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News 88.7 inDepth

Health & Science

Why One Houston Researcher Calls Meth ‘A Perfect Storm’ For Southeast Texas

Texas has largely been spared from the worst of the opioid overdose crisis, but in its place, another more difficult addiction is rising.

Deaths from overdoses involving methamphetamine are on the rise, and researchers are having a hard time keeping up with the number of people becoming addicted.
Deaths from overdoses involving methamphetamine are on the rise, and researchers are having a hard time keeping up with the number of people becoming addicted.

Even for a state largely spared from the worst of the opioid crisis, Texas is still seeing a rise in overdose deaths, and methamphetamine, a powerful psychostimulant, is increasingly a factor.

"It's really a perfect storm,” said Joy Schmitz, a professor at the McGovern Medical School at UTHealth and director of the Center For Neurobehavioral Research On Addictions. “It's more potent, it's [a] lower price, much cheaper. You can get on the streets these days a gram of methamphetamine at half the price of what you could get for cocaine, and at twice the potency. So it's a better deal."


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A silent epidemic

As the response to a multi-year rise in opioid overdoses continues to capture headlines and draw millions of dollars in federal grant money, methamphetamine is now referred to by many as “the silent epidemic,” Schmitz said.

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News 88.7 compared data from multiple federal, state and local agencies. Together, the numbers reveal a bleak landscape, one where larger amounts of more potent methamphetamine are flooding the market in Texas, increasing supply and leading more people to overdose.

In 2018, the U.S. Drug Enforcement Agency says it seized more than 20 times the amount of meth in the Houston area than it did just eight years before. Experts say an increase in seizures typically reflects an increase in drug trafficking.

Despite the relative difficulty of overdosing from meth, accidental poisoning deaths involving psychostimulants are on the rise. In 2017, more than 100 deaths of that nature occurred in Harris County for the first time since data is available. Nationally, NPR reports the same types of overdoses were 21% more common in 2018 than the year before.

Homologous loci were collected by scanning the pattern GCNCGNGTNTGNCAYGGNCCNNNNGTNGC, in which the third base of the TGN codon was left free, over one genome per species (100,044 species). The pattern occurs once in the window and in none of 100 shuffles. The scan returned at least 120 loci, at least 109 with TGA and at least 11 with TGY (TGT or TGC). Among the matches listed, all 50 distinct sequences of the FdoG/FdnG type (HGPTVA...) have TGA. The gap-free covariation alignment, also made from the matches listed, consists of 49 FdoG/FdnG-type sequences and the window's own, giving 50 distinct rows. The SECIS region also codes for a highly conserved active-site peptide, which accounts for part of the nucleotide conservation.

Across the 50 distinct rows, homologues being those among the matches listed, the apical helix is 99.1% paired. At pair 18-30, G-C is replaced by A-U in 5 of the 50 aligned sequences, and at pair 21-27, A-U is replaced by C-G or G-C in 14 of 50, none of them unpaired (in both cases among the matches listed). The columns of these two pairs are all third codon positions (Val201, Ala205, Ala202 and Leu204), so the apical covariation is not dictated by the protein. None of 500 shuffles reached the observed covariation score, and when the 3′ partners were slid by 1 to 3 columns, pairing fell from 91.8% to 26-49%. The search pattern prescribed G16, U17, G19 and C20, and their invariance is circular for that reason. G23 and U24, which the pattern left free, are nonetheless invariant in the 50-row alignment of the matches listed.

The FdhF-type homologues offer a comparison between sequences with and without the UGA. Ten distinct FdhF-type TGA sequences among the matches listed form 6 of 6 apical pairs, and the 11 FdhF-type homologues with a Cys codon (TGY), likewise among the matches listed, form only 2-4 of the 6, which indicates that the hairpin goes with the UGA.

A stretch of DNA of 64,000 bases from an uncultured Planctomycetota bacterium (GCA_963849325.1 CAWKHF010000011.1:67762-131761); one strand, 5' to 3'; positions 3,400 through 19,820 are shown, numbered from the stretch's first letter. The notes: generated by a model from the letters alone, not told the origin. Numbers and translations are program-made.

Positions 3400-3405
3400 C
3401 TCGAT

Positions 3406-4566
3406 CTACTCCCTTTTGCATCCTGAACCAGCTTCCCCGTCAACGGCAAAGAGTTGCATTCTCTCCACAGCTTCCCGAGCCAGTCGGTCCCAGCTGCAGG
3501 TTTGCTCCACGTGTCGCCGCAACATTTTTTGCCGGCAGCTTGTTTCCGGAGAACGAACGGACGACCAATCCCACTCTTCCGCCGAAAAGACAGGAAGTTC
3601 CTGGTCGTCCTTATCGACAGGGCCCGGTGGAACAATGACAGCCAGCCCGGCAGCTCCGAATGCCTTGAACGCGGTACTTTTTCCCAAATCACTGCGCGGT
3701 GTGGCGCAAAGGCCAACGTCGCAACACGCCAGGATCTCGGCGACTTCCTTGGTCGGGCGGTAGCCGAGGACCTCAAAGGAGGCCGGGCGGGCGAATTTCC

Finding a treatment

Federal data on addiction treatment admissions show the number of people seeking treatment is also rising, but researchers are having a hard time keeping up.

"We're competing with a highly powerful reinforcing drug,” Schmitz said. “The temptation to use this drug and immediately feel better, versus drive 20 minutes to go in for a treatment session where it’s hard work – I mean it’s hard."

Currently, no FDA approved medication exists to treat psychostimulant addictions, but there are some in the pipeline. Schmitz and other Houston researchers think they may have found an answer in a surprising place: the body’s opioid system. By combining an antidepressant with a drug that blocks opioid receptors in the brain, doctors may be able to reduce cravings associated with psychostimulants like meth and cocaine.

Researchers are still waiting on results from a national multi-site study on the method, but Schmitz says an earlier look at the method showed promise. Another set of therapies gaining traction, dubbed "contingency management" has doctors paying patients, often in gift cards for passing a drug test.

"They are arguably the most effective behavioral therapy we have now for substance use disorders. Especially for methamphetamine or cocaine where we don't have an approved medication," Schmitz said.

The idea of paying people to not take drugs doesn't sit well with some people. Katherine Harris, a drug policy researcher at Rice University's Baker Institute, says that stigma may be making it harder to implement contingency management on a larger scale, despite the evidence backing it up.

"I think insurers, certainly with opioids, are looking for more evidence-based approaches and I think that we need to do that with meth as well even if those approaches kind of seem anathema to what we think we should be doing to treat drug use," Harris said.

As the opioid crisis gained attention, Texas took in over a $175 million dollars of federal grant money to fight the crisis, but it’s restricted for fighting opioid addiction, not meth.

Texas researchers are hopeful more attention to meth addiction will bring more investment.